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Portal:Tropical cyclones

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Tropical cyclones portal

Satellite photograph of Typhoon Tip

A tropical cyclone is a storm system characterized by a large low-pressure center, a closed low-level circulation and a spiral arrangement of numerous thunderstorms that produce strong winds and heavy rainfall. Tropical cyclones feed on the heat released when moist air rises, resulting in condensation of water vapor contained in the moist air. They are fuelled by a different heat mechanism than other cyclonic windstorms such as nor'easters, European windstorms and polar lows, leading to their classification as "warm core" storm systems. Most tropical cyclones originate in the doldrums near the Equator, approximately 10 degrees away.

The term "tropical" refers to both the geographic origin of these systems, which form almost exclusively in tropical regions of the globe, as well as to their formation in maritime tropical air masses. The term "cyclone" refers to such storms' cyclonic nature, with anticlockwise rotation in the Northern Hemisphere and clockwise rotation in the Southern Hemisphere. Depending on its location and intensity, a tropical cyclone may be referred to by names such as "hurricane", "typhoon", "tropical storm", "cyclonic storm", "tropical depression" or simply "cyclone".

Pictured: Typhoon Tip
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Typhoon Tip at its record peak intensity on October 12, 1979

Typhoon Tip was the largest and most intense tropical cyclone on record. The nineteenth tropical storm, twelfth typhoon, and third super typhoon of the 1979 Pacific typhoon season, Tip developed out of a disturbance in the monsoon trough on October 4, near Pohnpei. Initially, a tropical storm to its northwest hindered the development and motion of Tip, though after it tracked further north Tip was able to intensify. After passing Guam, it rapidly intensified and reached peak winds of 305 km/h (190 mph) and a worldwide record low pressure of 870 mbar (hPa) on October 12. At its peak strength, it was also the largest tropical cyclone on record with a diameter of 2220 km (1380 mi). It slowly weakened as it continued west-northwestward, and later turned to the northeast under the influence of an approaching trough. Tip made landfall on southern Japan on October 19, and became an extratropical cyclone shortly thereafter.

Air Force Reconnaissance flew into the typhoon for 60 missions, making Tip one of the most closely observed tropical cyclones of all time. Rainfall from the typhoon breached a flood-retaining wall at a United States Marine Corps training camp in the Kanagawa Prefecture of Japan, leading to a fire which injured 68 and killed 13 marines. Elsewhere in the country, it led to widespread flooding and 42 deaths. 44 were killed or left unaccounted for due to shipwrecks offshore.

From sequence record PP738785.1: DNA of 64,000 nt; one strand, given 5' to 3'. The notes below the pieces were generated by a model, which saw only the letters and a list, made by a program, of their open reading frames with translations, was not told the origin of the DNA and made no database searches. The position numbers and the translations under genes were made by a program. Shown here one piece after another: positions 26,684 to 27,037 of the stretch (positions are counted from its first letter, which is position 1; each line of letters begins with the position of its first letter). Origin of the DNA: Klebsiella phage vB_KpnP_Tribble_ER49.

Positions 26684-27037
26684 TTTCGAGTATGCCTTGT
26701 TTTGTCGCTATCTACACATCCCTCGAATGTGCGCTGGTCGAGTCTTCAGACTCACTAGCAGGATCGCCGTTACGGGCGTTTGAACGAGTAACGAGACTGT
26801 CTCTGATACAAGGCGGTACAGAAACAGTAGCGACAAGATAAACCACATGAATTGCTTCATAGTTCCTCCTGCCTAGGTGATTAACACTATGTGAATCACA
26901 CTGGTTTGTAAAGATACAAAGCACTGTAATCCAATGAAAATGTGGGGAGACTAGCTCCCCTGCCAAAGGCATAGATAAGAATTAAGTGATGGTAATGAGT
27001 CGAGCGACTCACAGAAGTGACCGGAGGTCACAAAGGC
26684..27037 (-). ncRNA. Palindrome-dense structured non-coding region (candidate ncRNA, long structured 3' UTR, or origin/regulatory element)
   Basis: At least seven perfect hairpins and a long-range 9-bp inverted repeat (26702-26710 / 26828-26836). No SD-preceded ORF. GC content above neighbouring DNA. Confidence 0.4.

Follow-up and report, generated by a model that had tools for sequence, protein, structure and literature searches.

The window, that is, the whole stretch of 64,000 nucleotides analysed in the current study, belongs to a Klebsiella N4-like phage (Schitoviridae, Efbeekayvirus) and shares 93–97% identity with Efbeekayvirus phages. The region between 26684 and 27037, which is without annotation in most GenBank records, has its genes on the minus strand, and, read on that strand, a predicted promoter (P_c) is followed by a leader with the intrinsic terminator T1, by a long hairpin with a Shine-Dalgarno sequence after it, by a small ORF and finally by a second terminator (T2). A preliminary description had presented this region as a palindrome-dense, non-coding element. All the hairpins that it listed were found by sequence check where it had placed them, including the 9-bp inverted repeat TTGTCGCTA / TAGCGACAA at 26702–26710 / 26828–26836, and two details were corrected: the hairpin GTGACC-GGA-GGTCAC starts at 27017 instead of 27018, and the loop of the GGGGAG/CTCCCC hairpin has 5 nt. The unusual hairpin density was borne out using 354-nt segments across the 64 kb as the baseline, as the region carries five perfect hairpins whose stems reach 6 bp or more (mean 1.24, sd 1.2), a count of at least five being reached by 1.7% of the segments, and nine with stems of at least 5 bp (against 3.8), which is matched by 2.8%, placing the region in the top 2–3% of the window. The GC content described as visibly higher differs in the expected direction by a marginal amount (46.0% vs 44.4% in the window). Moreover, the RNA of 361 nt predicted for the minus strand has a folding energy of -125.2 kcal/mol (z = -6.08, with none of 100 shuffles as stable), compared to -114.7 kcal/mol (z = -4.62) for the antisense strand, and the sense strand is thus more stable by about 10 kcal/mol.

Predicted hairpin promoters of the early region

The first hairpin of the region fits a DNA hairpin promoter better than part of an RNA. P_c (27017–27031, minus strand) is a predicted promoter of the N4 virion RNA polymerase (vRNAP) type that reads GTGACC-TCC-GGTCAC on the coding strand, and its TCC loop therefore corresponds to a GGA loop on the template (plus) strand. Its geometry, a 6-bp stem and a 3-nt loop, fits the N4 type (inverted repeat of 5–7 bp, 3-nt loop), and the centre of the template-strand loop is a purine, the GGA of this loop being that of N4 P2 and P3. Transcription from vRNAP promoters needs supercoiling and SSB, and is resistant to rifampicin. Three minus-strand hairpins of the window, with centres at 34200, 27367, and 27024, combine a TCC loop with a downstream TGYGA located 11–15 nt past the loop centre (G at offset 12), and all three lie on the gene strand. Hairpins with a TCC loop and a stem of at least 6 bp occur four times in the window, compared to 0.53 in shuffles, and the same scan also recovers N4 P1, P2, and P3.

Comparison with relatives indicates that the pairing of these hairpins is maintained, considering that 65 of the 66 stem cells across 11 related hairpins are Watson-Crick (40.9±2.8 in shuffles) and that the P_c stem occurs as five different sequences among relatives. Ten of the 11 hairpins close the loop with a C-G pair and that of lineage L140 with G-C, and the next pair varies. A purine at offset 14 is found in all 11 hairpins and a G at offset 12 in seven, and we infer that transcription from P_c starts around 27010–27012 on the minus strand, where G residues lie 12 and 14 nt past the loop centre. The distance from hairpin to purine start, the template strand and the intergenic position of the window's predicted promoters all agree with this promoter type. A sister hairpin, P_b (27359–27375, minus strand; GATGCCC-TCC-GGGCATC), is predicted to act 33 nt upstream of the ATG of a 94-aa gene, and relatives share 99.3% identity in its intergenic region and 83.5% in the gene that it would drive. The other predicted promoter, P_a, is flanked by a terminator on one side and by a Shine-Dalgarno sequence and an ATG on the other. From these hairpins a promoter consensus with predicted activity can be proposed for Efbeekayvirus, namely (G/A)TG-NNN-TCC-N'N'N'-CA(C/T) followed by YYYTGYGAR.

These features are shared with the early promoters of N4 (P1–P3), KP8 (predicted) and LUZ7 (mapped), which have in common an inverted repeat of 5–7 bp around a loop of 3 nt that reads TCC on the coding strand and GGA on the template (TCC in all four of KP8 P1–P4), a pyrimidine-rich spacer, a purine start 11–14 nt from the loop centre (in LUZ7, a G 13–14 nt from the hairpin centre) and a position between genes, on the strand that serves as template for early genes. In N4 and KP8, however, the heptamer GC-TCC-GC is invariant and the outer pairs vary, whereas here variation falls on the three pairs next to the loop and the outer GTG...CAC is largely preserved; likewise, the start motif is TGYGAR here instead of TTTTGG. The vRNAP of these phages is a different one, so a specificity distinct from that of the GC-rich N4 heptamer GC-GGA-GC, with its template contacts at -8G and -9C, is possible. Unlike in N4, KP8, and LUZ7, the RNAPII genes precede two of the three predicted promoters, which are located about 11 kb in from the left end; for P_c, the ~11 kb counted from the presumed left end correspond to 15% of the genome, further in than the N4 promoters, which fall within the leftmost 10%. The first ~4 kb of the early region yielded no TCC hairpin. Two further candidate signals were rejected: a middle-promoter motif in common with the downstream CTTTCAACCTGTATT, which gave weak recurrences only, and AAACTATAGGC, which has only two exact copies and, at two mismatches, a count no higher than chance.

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Hurricane Emily.jpg

Hurricane Emily (2005) near peak intensity on July 16, 2005. This image was captured by MODIS on the Terra satellite.

Related WikiProjects

WikiProject Tropical cyclones is the central point of coordination for Wikipedia's coverage of tropical cyclones. Feel free to help!

WikiProject Meteorology is the main center point of coordination for Wikipedia's coverage of meteorology in general.

WikiProject Non-tropical storms is a similar WikiProject which coordinates most of Wikipedia's coverage on notable extratropical cyclones, and the two projects share numerous overlaps.


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Currently active tropical cyclones

Italicized basins are unofficial.

North Atlantic (2021)
Potential Tropical Cyclone Three
East and Central Pacific (2021)
Tropical Storm Dolores
West Pacific (2021)
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North Indian Ocean (2021)
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Mediterranean (2020–21)
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South-West Indian Ocean (2020–21)
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Australian region (2020–21)
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South Pacific (2020–21)
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South Atlantic (2020–21)
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Last updated: 20:48, 18 June 2021 (UTC)

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Tropical cyclone anniversaries

Typhoon Guchol Jun 17 2012 0230Z.jpg

June 17,

  • 1971 - Hurricane Bridget passed just to the south of Acapulco, Mexico bringing gusts of 100 mph (155 km/h) to the city. Many ships, including some naval ships, were sunk killing 40 people and causing $40 million of damage.
  • 2012 - Typhoon Guchol (pictured) attains Category 4 super typhoon intensity with a minimum pressure of 930 hPa with 1-minute sustained winds of 240 km/h (150 mph).
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June 18,

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June 19,

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